Can you really learn something about home bartending from cocktail classes?
Jessica Torres is the Chief Cocktail Creator at OneMartini.com and is contributing original spirits stories to Drinkable Reno.
DEATH & TAXES, an upscale bar in midtown Reno, recently hosted their first cocktail class on Bartending Basics for Home Entertaining. This class was the first of its kind for the Northern Nevada area, although it’s not a new concept. The popular San Francisco bar, Bourbon and Branch, provides a variety of cocktail classes ranging from cocktail 101 to individual spirits.
After attending a handful of the classes at Bourbon and Branch, DEATH & TAXES owner and master bartender Ivan Fontana, decided to create similar classes for his Reno bar. In the first cocktail class offered at DEATH & TAXES, Fontana structured it with the home bartender in mind. The idea behind the class is to teach people how to properly make cocktails when entertaining at home.
During the two-hour class, Fontana walked a group of 10 people through how to make four classic cocktails that they were able to drink along the way. After trying the first cocktail, a classic mojito, many people exclaimed it was one of the best mojitos they ever drank. Fontana provided tips on when to stir (if a drink has spirits only) and when to shake (if the drink contains citrus), quality cocktail ingredients, the importance of ice and such. He also shared a few “geek tips” including how to make clear ice cubes (which I didn’t know) for those who wanted to get a little more advanced with their skills.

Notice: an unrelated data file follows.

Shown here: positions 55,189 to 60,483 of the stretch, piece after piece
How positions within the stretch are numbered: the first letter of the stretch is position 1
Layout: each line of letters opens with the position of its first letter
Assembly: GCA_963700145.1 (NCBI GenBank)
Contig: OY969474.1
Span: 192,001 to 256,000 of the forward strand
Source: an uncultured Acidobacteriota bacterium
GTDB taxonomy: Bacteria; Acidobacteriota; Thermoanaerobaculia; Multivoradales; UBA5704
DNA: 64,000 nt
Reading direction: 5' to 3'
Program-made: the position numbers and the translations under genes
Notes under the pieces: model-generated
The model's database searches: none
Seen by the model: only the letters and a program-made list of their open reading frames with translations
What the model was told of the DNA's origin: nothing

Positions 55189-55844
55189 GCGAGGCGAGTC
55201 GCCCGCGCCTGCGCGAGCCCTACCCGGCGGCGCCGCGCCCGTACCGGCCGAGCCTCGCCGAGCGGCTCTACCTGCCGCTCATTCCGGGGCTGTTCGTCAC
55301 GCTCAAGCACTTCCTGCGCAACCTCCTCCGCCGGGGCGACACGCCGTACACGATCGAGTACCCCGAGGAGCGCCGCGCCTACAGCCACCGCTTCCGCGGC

Now, could a person learn these skills without taking a class? Yes, of course. I did. However, it took me a long time to learn them on my own. I’ve purchased and read several cocktail books and articles on the web. I’ve completed the BarSmarts Wired program. I’ve practiced in my kitchen for several years now. And I still learned something new about making infused syrups with herbs while I was listening to Fontana speak during the class.
In my opinion, there is no comparing what you read in a book to what you learn hands on with an experienced bartender. It’s one thing to read proper stirring techniques in a book, but it’s a completely different thing to have someone show you how to do it. And let me just say, learning how to stir a cocktail the right way is no easy feat.
But beyond what you learn during the class, there is also the social experience that goes along with it. My bartending learning at home has been a solo act for the most part. With the cocktail class, whether you sign up with a friend or you take the class by yourself, there are other people there that you can talk, laugh and drink with. Drinking is social. Learning how to make drinks should be too.
So, would I recommend spending $100 on a cocktail class at DEATH & TAXES? Absolutely.
Interested in attending a cocktail class at DEATH & TAXES?
When: The next two cocktail classes are scheduled for June 22 and July 13 from 4 to 6 p.m.
Contact: Email them at firstname.lastname@example.org to reserve your spot.
Online: You can also find DEATH & TAXES on Facebook and subscribe to their newsletter to learn more about upcoming events.